Angel of Shavano Recycling spent 15 years sifting through Chaffee County’s trash to collect its treasures – plastic, cardboard, paper, newspapers, tin and aluminum. But meager profits and poor customer behavior prompted owner, Mickey Barry, to close the gates at the four free community recycling sites.
“In the recycling industry, drop sites were so abused that they were more business than profit,” he said.
Barry saw more and more recyclables strewn about the floor rather than indoor bins, and even toilets and appliances left at landing sites. So he shut down Angel of Shavano and moved to a job he said was better for his family.
The company, which is headquartered in Puncha Springs, will end its service on Thursday, April 8th. Barry’s announcement caught Chafee County government officials by surprise and wondering what to do about picking up the company’s work. Angel of Shavano collected 4 million pounds of recyclable materials just last year.
In a statement, Chaffee County Commissioner Greg Felt said, “We thank the Barry family for their perseverance through many years of these circumstances and we wish them well in the future.”
However, this does not mean the end of recycling for the county’s rural community. Instead, the government has quickly turned to commercial garbage carriers – Chaffee County Waste and Waste Management – as alternatives.
Residents and merchant accounts will be able to pay for the two companies’ receipt for curbside recycling. According to Welt, this is not a drastic financial change from the previously free drop site service, which was in fact supported by provincial and municipal budgets.
“They have some good options,” Felt said. “They probably won’t be able to handle every aspect of this to everyone’s satisfaction, but basically, any resident of Xavi County, I think, should be able to engage in single-stream recycling.”
The rural environment in Xavi County can make running a recycling program less profitable due to its smaller economy. For example, Chaffee County Waste added twice-a-week curbside recycling in January.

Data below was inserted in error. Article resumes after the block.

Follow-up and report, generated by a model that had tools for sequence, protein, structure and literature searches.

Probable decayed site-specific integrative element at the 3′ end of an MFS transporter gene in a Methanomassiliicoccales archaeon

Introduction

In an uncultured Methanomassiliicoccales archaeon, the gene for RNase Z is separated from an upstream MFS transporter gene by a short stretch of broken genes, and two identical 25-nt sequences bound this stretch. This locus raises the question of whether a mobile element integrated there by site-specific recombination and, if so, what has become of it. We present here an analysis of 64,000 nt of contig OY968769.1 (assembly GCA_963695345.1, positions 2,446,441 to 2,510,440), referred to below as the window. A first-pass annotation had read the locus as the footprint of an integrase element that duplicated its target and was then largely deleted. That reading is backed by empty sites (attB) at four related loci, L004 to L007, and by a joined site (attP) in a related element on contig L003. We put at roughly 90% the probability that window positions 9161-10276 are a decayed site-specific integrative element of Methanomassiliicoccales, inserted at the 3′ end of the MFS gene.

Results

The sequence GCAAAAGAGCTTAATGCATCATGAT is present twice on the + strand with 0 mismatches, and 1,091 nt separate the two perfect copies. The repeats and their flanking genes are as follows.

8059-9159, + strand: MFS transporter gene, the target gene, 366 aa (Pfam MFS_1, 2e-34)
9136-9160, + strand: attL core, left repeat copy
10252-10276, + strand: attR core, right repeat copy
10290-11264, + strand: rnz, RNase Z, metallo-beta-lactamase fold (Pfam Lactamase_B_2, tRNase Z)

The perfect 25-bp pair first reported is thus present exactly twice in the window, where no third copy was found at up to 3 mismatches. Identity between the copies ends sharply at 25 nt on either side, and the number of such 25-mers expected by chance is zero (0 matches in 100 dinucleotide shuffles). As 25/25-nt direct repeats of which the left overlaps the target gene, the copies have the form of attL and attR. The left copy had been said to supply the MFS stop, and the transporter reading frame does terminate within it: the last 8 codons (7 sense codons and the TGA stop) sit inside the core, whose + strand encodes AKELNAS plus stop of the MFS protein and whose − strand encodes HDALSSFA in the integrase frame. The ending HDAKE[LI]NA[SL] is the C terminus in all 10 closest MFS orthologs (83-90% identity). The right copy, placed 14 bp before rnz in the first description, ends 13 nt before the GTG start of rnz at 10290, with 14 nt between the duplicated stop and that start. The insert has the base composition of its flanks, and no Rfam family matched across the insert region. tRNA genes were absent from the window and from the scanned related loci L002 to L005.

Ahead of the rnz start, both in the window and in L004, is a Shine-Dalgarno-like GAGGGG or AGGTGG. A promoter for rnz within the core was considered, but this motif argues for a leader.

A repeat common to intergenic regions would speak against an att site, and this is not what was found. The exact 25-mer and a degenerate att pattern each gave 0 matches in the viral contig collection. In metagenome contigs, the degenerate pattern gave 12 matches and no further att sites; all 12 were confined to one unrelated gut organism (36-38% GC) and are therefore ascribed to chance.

However, Felt pointed to the environmental benefits of keeping recycling an option. Moreover, these programs prevent unnecessary waste from entering landfills.
Dan Short, Chief Financial Officer of Chaffee County, said the county landfill capacity stays around 92 years, based on current dumping and recycling rates. Recycling programs help extend this life by keeping reusable materials out. The long life of the landfill – off US Highway 285 outside Salida – means fewer problems for county government and society.
“I can’t imagine what it would be like when I’m a county commissioner and trying to locate a new 100-acre landfill in Chaffee County,” Felt said. “That would be the kind of worst assignment you could possibly draw.”
As the provincial government continues to monitor the new plan, it is looking at the results of a recent study on waste diversion to adjust future programs to recycle as much waste as possible.
“You hate to see this perfectly applicable toddler bike in the metal pile, when you know there are young children who like to ride a bike,” Felt said.
Colorado’s recycling rate – also known as the municipal solid waste conversion rate – has fallen into 15.9% in 2019 from 17.2% in 2018. Overall, 850,000 tons of materials were recycled by 165 properties in Colorado in 2019According to the Colorado Department of Public Health and Environment.
International market forces have made it difficult for recyclers to turn a profit in recent years.
The United States has long been exporting a large amount of its recyclable waste to China. But starting in 2018, China launched Operation National Sword. The program raised quality standards and pollution limits on recyclable waste imports, which means that some lower quality plastics are no longer acceptable.
For recyclers, this means lower prices for some recyclables and less profit.
“The big change, of course, was when China stopped taking our recyclables,” said Felt. “This appears to be just the beginning of many challenges, both domestically and globally.”